• “Smart” traffic lights were hacked; driving could be a nightmare
  • Hackers at the Black Hat security conference compromised a Nest thermostat in front of a live audience:  the thermostat transformed into spy that can learn routines of the inhabitants of a certain home or office
  • Bugging and hacking an entire home: http://www.bbc.com/news/technology-27373328
  • Car electronics taken over remotely: The electronics within a car can be hacked, taking control of the headlights, locks, steering and even the brakes.
  • IoT botnet – thingbot: An IoT botnet (or thingbot) is a group of hacked computers, smart appliances and Internet-connected devices that have been co-opted for illicit purposes

2. Privacy

Privacy, although similar, is not the same as security. There is a high risk for identity theft, going after financial information, obtaining information from corporations or governments. And guess what — the Big Money in IoT is in Big Data. This is dangerous because these sensors are learning everything about you. Your routine, habits…the more they know about you and how you behave, the easier of a target you’ll be.

3. Device Interaction

Things will be full of bugs, constantly requiring updates, newer versions will come out. Also, how do we know how to track and monitor things? Measure and optimize performance? How will the devices communicate with each other? Are smartphones the constant link to the devices? How do we deal with malicious attacks? There’s a lot of questions and issues to address

Protection: Fight Back!

security-1202344_640.png

Despite these concerns, IoT is a growing investment being made. We can only well equip ourselves. What can we do?

1. Strengthen your networks:

Ensure that only authorized devices and people can get access; consent and knowledge is always the first line of defense against attackers

2. Stay up to date

Make sure your software is up to date: security updates, but also staying on top of potential issues your devices might have

3. Know what you are putting in or on your body

WiFi pacemakers can’t hurt you if you’re not using it. Smart contacts might be a thing of the future but what happens if it goes wrong? You’ll only be hurt if you allow them to and consent should be given by you. For example. if you will be getting something new implanted on yourself, get all the details on what device is capable of. Read the fine print or seek professional opinion if necessary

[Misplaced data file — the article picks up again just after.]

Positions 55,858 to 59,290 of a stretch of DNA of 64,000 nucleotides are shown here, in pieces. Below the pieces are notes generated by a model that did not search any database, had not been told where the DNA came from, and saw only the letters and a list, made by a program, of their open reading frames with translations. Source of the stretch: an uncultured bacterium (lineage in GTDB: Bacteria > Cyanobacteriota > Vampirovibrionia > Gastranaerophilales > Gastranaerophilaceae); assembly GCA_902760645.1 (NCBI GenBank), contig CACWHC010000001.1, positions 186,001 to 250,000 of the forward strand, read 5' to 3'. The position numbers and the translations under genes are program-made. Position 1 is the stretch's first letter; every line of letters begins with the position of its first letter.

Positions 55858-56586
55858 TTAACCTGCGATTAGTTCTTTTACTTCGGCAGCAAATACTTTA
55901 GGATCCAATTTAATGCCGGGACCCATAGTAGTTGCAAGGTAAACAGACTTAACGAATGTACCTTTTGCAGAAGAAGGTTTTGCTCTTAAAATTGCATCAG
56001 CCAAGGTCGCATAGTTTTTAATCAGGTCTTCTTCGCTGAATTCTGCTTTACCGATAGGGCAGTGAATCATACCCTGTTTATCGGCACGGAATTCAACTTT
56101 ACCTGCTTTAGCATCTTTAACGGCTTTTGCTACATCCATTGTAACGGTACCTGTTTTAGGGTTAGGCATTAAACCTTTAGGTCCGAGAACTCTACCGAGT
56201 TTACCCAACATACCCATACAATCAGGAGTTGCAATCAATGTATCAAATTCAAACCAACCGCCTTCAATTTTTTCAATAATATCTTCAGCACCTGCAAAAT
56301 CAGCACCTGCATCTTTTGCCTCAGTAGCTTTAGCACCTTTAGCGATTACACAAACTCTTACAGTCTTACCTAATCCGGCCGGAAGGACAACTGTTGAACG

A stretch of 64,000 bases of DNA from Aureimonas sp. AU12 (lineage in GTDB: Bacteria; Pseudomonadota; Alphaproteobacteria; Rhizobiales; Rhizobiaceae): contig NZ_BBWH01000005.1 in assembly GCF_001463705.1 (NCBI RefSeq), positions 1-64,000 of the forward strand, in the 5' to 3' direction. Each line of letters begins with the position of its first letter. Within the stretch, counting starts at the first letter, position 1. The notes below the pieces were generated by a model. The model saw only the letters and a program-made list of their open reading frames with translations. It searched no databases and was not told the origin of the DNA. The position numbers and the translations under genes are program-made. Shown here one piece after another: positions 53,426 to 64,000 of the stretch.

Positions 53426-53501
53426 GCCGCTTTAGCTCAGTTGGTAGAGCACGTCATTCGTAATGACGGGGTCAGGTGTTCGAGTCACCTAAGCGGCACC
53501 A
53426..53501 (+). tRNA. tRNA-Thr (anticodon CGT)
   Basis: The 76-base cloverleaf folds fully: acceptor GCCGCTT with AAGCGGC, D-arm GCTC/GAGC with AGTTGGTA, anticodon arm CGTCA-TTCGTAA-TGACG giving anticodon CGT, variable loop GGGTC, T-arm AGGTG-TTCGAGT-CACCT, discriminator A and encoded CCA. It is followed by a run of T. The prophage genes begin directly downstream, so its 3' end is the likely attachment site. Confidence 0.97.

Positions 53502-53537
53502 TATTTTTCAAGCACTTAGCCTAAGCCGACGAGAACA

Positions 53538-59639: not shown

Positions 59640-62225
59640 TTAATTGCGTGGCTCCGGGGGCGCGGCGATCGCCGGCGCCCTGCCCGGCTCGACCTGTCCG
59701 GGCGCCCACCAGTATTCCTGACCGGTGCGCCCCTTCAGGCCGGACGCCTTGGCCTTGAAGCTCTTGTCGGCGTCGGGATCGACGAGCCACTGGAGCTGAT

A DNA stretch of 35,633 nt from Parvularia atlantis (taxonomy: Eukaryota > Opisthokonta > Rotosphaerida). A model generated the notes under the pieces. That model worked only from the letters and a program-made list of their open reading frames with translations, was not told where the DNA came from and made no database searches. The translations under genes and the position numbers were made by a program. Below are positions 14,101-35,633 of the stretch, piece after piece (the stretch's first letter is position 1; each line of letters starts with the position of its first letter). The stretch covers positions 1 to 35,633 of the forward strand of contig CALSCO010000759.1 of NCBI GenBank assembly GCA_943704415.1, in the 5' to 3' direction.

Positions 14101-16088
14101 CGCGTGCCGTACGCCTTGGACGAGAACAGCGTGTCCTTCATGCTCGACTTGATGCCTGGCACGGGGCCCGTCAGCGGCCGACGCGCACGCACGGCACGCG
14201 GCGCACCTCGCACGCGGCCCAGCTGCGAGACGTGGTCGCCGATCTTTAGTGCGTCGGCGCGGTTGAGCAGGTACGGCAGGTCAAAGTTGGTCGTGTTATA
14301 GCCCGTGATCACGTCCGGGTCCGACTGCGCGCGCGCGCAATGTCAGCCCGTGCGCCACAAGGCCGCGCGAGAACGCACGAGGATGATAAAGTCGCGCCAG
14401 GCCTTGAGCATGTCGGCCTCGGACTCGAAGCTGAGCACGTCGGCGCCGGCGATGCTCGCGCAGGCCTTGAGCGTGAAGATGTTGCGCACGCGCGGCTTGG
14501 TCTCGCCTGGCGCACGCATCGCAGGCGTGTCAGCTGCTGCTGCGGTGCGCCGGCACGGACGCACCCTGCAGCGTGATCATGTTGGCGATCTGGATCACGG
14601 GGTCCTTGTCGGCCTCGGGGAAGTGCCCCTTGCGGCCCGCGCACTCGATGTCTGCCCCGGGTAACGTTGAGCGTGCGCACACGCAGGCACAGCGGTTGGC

The Internet of Things still has a bright future. It may always be vulnerable and unsafe, but we can do our best to prepare ourselves, as a producers and consumers of the new world that is coming.

Sources: http://anandmanisankar.com/posts/IoT-internet-of-things-good-bad-ugly/

http://www.networkworld.com/article/3026315/internet-of-things/6-critical-issues-facing-the-internet-of-things.html

http://www.slashgear.com/the-internet-of-things-will-always-be-vulnerable-12451599/

 

 

 

Smartphones: Yesterday, Today and the Future

It is no secret the future we thought we’d only see in movies is a reality today. Looking at the cell phone we went from physically big to small, to big again, but equipped with amazing features and endless apps to equip and personalize it to you. Once upon a time, a phone was simply used to send and receive calls. Today, we can e-mail, browse the web, banking, and so on.

Let’s commemorate by looking at the typical cell phone 20 years ago.

Yesterday: 1996

moto

When the Motorola StarTAC came out, it was revolutionary as the first flip phone. External antennas got shorter and if you owned this phone, you were lucky to have such a slim phone.

Yesterday: 2006

 

rimlgrazor

 

10 years doesn’t seem so far away, but having a look at our phones may make us feel old. Kids today will never realize the struggle of texting with T9, what a luxury it was to have data and internet on our phones. Watching videos have never been so hard on our eyes. These phones took a more personalized approach to cater to the end user.

Today: 2016

iphonesam.jpg

You might be living under a rock if you don’t own a smartphone today…or we’ll say you’re old fashioned 🙂 Today’s smartphone is your mp3 player, camera, camcorder, alarm clock, personal trainer, newspaper…you name it! We’ve gone buttonless touchscreen technology and even cooler features like fingerprint recognition to get into that movie sci-fi vibe.

The Smartphone of Tomorrow?

What would we like to see in our smartphones of the future?

Flexibility

flex


Flexible display screens are already becoming a thing. The technology used in flexible smartphones is known as OLED or Organic Light-Emitting Diode. Here are some of the benefits:

1. Better Durability – 
Since flexible displays employ OLEDs made out of plastic, they provide more durability as compared to traditional glass displays. In other words, this reduces the chances of your smartphone display being smashed to smithereens when you drop it.

2. Lighter Weight – Did you know that plastic is lighter than glass? The atomic composition of plastic makes it relatively lighter in mass than glass of equal size. Plastic OLEDs can make the devices lighter.

3. Thinner Dimensions – Flexible displays can allow smartphone devices to be manufactured with thinner dimensions and in shapes different than the conventional rectangular screen.

Holographic

holo
Holographics would make an interesting use of our phones. Being able to see things in 3D light projection could take mobile games to newer heights. In the picture above, Holoflex claims to be the first smartphone to combine flexibility with holography.

Transparency

Let’s face it, it just look really cool. Imagine the capabilities with 360 degree camera. Makes taking that selfie a little easier.

This ends our trip down memory lane. What future trends would you like to see in your smartphone?

Sources:
http://www.hongkiat.com/blog/flexible-smartphones/
http://www.theverge.com/2016/5/5/11604680/holoflex-flexible-holographic-smartphone